When it comes to da feet, lighter is definitely righter. Don't bring more foot-weight than you need, and in the case of glacier travel it seems like you see a lot of full-steel crampons where something a little racier will do. Exhibit A: the CAMP Tour 350 crampon.
An aluminum ten point crampon is fine for snow and ice duty, and the Tour 350, built from 7075 T6 aluminum, performed great for me this past season on Denali, paired with my trusty Oly Mons boots. For a size 43 boot the spreader bars were at their maximum extension, so if you're sporting bigger dogs you'll want to scout out a longer bar, aluminum only please as steel bars will ream out the aluminum frame.
The step-in setup functions flawlessly, and the simple ankle retaining strap is a nice change from some of the more complicated setups out there (looking at you, BD!). If you're really worried about the lack of a nylon strap to the toe bail just add one yourself; I didn't worry about it and had no problems.
At just over 12 ounces you really can't beat the Tour 350... except you can! The Race 290 crampon is basically the Tour 350 with a special heel bail for Dynafit compatible boots, and the metal spreader bar is replaced with Dyneema for an overall two ounce savings. The Race 290 even has different colors for hte left and right feet for those of you in a hurry - you know who you are, rando-freaks. I haven't tried the Race 290 and probably won't, but the design did give me the idea that if a spreader bar failed I could use a section of dyneema or even nylon webbing to replace it temporarily.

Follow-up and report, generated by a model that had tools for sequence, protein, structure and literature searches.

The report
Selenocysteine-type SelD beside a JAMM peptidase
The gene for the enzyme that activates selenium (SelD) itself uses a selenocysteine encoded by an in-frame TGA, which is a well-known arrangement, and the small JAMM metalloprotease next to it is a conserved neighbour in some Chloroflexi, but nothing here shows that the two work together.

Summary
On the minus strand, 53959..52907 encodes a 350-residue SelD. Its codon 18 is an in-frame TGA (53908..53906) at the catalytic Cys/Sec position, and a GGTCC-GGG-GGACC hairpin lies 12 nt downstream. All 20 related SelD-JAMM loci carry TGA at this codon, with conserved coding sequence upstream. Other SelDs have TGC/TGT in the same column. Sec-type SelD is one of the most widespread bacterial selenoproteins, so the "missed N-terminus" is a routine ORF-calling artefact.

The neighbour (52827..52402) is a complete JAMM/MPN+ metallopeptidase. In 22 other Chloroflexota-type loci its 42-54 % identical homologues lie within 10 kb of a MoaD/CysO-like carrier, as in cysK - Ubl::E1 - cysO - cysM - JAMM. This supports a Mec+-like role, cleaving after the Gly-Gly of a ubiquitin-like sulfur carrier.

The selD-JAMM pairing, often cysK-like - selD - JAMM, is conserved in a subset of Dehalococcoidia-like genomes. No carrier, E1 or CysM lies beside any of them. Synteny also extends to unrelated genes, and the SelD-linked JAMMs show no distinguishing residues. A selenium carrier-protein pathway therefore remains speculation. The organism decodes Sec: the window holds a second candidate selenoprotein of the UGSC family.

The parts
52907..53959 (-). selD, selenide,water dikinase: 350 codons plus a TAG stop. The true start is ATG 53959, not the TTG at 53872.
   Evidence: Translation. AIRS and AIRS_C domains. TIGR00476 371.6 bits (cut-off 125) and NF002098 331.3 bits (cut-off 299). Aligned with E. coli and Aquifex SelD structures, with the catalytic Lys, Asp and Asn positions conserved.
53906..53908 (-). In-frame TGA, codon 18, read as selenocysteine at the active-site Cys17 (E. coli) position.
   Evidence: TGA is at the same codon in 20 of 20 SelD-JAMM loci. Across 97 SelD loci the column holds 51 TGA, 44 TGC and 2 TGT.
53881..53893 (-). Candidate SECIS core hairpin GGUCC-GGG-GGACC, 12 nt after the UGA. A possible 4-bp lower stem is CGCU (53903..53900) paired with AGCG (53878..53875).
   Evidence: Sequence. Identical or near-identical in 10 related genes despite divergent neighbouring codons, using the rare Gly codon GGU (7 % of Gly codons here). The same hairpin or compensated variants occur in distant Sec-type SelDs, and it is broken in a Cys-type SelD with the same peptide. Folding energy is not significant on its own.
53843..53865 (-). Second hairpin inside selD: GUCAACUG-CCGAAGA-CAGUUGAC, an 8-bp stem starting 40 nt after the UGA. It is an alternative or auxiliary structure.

CAMP makes some phenomenal lightweight mountaineering gear. I've used and loved their Alp 95 harness, Corsa Nanotech axe and Nanotech crampons, not to mention the wonderful-ness that is the Nano 23 biner. None have ever failed me either on Denali or Rainier, but then again I tend to be pretty light on my gear. If you're one of those ogres who just seems to mangle gear every time out you might want to stay heavy, i.e. walk on steel. For the rest of us, give your feet a break with aluminum crampons and save the steel for those gnarly mixed routes and rocky approaches.